Thermaco Blog

Should you go "natural" with biological pre-treatment systems for grease?

Big Dipper Grease InterceptorOrganic and “natural” products and methods enjoy a glowing reputation in the marketplace. They’re able to command higher prices and for many people are a preferred choice when there is a choice.

They’ve made inroads beyond food, too, to products such as apparel (made with organically grown cotton), cosmetics and a variety of products constructed from “sustainable” recycled materials.

It’s not surprising, then, that restaurants and other commercial kitchen operators are interested in biological methods of pretreating grease-laden kitchen effluent. Beyond the attraction of a biologically based treatment system, these methods also hold out the possibility of minimizing pumping and other maintenance required by mechanical separation systems.

But although enzymatic and bacterial treatment solutions are growing in popularity, many questions and challenges remain.

Before considering enzymatic or bacterial solutions, there are a number of factors you need to consider.

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7/30/15 8:45 AM

How a river catching fire led to cleaner water

Discharging sewage into Cuyahoga RiverIn 1969, the Cuyahoga River in Ohio caught fire.

The blaze caught the attention of the national media, and Time magazine described the Cuyahoga as a river that “oozes,” rather than flows. There were no fish or other animals in the water, and the concentration of oil and other toxins was so thick that they could actually burn.

The river had become, in effect, a giant grease trap.

And the ’69 fire was not event the first time the river had caught fire, and it by Cuyahoga standards, it was relatively mild. Dating back to the 1860s, the river had caught on fire at least 13 times. In 1952, the largest such fire caused more than $1 million of damage to boats, docks and a riverfront building. But the 1969 fire had a major impact on efforts to clean up the nation's waterways.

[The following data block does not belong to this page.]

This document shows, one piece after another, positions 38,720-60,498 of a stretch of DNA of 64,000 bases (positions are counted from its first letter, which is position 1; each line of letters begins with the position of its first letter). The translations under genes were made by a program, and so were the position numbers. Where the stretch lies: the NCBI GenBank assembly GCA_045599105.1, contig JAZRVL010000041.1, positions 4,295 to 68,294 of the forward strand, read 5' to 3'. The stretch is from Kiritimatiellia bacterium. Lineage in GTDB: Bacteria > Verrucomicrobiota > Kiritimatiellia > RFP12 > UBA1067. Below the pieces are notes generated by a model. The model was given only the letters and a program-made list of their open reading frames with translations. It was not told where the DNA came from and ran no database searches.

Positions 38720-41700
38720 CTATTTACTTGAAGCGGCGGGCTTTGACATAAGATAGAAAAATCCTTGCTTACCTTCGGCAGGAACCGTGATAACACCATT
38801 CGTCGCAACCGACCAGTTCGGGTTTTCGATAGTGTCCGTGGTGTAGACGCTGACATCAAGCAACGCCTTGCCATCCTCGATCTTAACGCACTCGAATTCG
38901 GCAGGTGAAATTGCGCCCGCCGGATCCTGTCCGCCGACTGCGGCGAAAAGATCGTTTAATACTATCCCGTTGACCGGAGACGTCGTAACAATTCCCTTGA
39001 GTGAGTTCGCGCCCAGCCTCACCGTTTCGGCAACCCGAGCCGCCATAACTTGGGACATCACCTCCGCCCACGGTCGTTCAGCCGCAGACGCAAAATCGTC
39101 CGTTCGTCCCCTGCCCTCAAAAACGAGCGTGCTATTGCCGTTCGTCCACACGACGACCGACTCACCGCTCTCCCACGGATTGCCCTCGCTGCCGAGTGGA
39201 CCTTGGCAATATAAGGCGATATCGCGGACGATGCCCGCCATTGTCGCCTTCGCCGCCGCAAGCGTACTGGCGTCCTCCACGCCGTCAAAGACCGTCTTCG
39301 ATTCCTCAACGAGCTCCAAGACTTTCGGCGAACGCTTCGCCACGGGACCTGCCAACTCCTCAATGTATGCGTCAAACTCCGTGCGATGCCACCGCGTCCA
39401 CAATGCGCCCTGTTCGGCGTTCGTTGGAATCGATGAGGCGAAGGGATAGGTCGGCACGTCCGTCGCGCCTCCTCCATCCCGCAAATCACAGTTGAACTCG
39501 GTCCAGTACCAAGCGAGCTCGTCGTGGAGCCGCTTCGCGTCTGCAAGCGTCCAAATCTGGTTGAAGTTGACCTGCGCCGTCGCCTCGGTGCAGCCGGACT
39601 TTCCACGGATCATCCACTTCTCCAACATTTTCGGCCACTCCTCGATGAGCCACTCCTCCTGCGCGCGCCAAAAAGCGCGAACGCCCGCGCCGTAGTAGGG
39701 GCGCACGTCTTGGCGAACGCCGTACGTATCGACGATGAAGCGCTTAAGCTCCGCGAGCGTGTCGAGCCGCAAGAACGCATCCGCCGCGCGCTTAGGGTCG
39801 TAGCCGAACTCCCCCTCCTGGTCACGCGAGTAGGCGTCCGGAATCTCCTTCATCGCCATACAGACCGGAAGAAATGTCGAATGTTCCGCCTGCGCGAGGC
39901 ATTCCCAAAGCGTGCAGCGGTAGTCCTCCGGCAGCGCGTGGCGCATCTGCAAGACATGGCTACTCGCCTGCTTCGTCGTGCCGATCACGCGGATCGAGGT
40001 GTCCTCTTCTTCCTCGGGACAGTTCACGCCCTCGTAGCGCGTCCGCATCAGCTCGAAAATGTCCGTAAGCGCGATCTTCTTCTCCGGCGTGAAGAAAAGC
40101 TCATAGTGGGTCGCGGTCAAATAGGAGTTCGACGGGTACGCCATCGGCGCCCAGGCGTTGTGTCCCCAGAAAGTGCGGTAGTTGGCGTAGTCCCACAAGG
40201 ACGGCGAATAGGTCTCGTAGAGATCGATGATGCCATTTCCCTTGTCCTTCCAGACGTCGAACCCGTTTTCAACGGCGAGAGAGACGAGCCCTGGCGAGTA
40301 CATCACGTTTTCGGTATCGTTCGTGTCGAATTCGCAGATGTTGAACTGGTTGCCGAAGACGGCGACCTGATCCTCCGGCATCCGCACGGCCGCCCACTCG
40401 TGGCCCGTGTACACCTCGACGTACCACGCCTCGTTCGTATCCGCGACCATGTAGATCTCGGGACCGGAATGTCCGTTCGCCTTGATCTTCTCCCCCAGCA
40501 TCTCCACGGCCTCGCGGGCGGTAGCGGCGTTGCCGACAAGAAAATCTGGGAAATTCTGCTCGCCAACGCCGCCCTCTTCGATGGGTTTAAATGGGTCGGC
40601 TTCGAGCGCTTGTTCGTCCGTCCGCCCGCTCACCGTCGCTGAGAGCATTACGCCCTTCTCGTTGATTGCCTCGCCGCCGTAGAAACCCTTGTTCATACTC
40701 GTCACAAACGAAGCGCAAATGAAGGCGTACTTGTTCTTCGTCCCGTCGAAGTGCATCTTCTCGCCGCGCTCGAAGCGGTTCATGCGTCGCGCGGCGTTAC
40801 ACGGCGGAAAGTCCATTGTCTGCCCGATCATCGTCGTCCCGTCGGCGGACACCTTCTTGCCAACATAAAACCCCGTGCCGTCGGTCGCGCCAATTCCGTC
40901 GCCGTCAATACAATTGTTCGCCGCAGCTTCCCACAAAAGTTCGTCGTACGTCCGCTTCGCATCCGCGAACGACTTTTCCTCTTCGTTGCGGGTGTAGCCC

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7/28/15 8:43 AM

Seven steps to a clean grease trap the right way

Grease interceptorAs a kid, you probably were given a list of chores from your parents to complete each weekend before your fun could begin. You might have had to clean the toilets or dust the furniture, and chances are good that there was that one chore, week after week, that you despised.

For many kitchen workers, that dreaded chore is cleaning the grease trap. It’s stinky and it’s messy, but someone has to do it.

Though it might seem like an unwelcomed task to whoever is saddled with the responsibility, regular cleaning makes a noticeable difference in terms of cleanliness and efficiency. Cleaning and maintaining the unit properly makes the process a snap, whereas longer periods between cleanings allow the unpleasantness to build up.

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7/23/15 8:42 AM

How Narragansett Bay reaped the rewards of wastewater pretreatment

Narragansett Bay seen from Providence, R.I., 1850-1920.The damage that grease and other pollutants can inflict on the environment is well documented, but few cases illustrate this as well as Narragansett Bay in Rhode Island.